I felt a bit disappointed I did not get published (yet), but one woman's letter captures some of the points I had wanted to make and she deserves to be heard.

Straits Times forum writer, Mrs Jean Tan, shows her support for diversity, and uses herself as an example, in that she has "homosexual friends" who come from "neither abusive nor dysfunctional families". She represents not tolerance, but acceptance. Thank you, Jean. (there are other letters too that have called for respect and acceptance: here and here)

Here is the online letter:

Will new leaders impose beliefs on Aware?

The Aware situation has left me with many disturbing thoughts as a woman, wife and mother. I have never been involved with Aware in any way, but I always felt there was a need for such an association.

It is horrible that the new executive committee (exco) members have received threats and we should not allow such behaviour in our civilised society. I hope the police can help Aware president Josie Lau and her family.

However, we should not be blindsided and link these despicable threats with the old guard.

As a parent, I am concerned about the more insidious kinds of influence and messages my child is exposed to and the environment he will grow up in. What about qualities such as honesty, respect, openness, acceptance of diversity and inclusivity?

The high-handed behaviour of the new exco members demonstrates that they lack these qualities - from the way they treat past exco members, to their keeping silent on their agenda, to the way they changed the locks and held a press conference without informing the old guard. Are these the actions of a caring society that should include and help women from all walks of life?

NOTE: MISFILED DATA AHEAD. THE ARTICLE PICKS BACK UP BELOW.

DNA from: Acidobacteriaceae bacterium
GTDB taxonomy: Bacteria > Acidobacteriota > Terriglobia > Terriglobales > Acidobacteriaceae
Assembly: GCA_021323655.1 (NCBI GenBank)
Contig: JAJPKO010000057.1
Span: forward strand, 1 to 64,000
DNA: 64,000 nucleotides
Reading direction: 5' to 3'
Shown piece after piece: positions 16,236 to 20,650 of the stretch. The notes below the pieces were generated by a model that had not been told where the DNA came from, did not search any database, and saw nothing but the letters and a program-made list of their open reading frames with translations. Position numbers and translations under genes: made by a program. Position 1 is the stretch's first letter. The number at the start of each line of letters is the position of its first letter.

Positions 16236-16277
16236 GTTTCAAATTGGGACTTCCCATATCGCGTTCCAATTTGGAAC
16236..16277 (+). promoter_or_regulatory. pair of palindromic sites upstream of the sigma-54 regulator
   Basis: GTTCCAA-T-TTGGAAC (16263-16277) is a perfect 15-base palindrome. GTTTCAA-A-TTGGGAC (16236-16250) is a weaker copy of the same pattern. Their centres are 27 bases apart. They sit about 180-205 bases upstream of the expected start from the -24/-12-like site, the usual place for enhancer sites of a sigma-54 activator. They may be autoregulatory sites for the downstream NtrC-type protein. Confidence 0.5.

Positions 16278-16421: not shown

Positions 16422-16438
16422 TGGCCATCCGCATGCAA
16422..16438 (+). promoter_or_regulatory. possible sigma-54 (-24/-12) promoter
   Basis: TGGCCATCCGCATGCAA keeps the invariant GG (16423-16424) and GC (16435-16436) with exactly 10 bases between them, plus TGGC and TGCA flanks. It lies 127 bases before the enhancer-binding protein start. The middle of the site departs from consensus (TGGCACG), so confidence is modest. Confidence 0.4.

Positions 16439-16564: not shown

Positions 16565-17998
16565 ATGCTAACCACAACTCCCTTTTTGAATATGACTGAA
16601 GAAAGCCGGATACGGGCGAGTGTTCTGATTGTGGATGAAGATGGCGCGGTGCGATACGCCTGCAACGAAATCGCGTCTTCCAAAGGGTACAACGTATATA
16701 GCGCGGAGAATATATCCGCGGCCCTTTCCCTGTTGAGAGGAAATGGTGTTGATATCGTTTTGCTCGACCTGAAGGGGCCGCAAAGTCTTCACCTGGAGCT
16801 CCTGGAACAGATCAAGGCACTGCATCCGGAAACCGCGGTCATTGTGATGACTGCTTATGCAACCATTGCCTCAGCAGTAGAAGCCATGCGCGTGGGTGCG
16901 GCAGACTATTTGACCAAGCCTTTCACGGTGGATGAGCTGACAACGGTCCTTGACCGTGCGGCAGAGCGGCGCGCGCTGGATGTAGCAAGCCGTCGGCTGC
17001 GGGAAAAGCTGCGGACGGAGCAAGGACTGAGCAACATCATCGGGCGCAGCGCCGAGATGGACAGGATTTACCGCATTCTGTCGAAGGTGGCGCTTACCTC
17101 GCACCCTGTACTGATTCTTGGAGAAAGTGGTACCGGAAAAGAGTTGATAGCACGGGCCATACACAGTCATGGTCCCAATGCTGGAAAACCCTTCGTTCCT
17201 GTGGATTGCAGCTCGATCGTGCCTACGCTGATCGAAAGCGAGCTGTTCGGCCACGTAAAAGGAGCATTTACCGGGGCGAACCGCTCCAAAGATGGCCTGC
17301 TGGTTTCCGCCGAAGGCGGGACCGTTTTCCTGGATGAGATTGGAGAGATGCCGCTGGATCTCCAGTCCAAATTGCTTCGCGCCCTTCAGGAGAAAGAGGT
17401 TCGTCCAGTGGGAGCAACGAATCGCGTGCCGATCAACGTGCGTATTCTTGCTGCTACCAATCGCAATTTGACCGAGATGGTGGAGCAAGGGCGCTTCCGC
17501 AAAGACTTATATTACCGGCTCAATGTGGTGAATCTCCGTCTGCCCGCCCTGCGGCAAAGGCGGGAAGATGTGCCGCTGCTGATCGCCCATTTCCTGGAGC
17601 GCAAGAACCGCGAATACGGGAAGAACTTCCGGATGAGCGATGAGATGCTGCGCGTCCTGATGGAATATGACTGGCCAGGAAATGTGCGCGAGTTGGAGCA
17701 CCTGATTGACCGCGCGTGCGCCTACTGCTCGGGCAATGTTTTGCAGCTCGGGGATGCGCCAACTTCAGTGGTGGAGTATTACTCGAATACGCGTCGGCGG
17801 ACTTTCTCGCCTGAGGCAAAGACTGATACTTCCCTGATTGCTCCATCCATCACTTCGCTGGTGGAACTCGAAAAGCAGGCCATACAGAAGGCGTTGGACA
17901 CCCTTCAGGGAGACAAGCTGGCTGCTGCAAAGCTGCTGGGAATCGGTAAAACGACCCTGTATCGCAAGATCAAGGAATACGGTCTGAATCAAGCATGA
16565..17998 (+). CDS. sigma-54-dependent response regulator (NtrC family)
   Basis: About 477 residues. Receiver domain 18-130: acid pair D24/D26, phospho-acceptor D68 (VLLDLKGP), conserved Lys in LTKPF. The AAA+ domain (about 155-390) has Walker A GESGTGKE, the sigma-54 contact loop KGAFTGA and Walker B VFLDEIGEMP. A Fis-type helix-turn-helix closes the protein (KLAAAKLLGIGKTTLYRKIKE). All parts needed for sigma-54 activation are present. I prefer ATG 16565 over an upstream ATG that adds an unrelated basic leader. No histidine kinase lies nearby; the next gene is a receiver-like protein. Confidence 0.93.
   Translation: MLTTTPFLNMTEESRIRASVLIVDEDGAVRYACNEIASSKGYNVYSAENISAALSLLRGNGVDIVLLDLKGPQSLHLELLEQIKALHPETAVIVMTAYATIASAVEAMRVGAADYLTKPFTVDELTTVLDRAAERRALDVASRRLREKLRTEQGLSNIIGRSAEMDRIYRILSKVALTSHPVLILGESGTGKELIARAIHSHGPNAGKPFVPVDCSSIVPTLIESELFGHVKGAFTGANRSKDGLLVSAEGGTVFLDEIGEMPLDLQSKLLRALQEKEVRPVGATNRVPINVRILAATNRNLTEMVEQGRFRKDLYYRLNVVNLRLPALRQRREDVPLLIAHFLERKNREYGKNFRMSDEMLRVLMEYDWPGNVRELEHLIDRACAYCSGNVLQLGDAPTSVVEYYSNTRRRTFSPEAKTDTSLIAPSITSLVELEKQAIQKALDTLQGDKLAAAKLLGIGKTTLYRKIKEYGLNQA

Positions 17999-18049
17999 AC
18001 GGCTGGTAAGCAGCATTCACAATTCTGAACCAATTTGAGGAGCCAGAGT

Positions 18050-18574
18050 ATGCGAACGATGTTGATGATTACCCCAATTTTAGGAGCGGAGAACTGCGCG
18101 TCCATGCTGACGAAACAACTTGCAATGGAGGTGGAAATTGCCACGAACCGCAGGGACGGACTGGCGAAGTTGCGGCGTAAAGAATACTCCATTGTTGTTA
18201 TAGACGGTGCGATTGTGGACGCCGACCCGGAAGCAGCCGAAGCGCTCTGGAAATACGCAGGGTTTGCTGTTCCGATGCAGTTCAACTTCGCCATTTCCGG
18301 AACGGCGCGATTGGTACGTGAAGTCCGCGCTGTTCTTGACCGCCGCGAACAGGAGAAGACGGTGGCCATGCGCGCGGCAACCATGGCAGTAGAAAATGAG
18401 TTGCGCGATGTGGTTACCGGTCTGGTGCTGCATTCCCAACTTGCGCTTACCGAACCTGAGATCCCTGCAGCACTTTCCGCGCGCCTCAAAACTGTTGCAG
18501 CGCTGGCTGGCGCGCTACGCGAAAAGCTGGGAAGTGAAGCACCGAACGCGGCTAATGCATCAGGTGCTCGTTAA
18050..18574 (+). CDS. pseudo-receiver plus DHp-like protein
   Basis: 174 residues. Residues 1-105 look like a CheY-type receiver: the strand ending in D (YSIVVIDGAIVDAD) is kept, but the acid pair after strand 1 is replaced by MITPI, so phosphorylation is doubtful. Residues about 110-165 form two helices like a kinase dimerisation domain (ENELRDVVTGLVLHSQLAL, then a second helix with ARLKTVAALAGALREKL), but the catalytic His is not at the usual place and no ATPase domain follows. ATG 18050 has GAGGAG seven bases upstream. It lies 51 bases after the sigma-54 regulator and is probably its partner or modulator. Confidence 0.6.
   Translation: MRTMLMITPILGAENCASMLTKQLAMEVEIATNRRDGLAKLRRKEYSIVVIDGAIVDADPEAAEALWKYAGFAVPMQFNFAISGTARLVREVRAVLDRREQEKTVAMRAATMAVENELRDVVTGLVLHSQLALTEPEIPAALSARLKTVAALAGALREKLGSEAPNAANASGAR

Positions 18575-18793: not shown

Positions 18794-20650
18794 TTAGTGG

The new exco claimed it wanted to honour the work of the past exco, but Ms Lau now says she was 'being very polite' when she said earlier that Aware had lost its focus.

While the new exco claimed it does not have an agenda, it is clear now it does. The new leaders joined Aware under instigation or persuasion from a single source to push their agenda.

It is highly worrying that the Aware exco now comprises mainly women from a certain religious sub-group with highly conservative points of view.

It seems to me that, contrary to the new exco's claims that the old guard was focused on issues of homosexuality, it is the new committee that has an agenda to eradicate any opinions on homosexuality contrary to its own.

I find it unbelievable that Dr Thio Su Mien says she has nothing personal against homosexuals, when her understanding of them demonstrates her ignorance. The homosexual friends I know came from neither abusive nor dysfunctional families.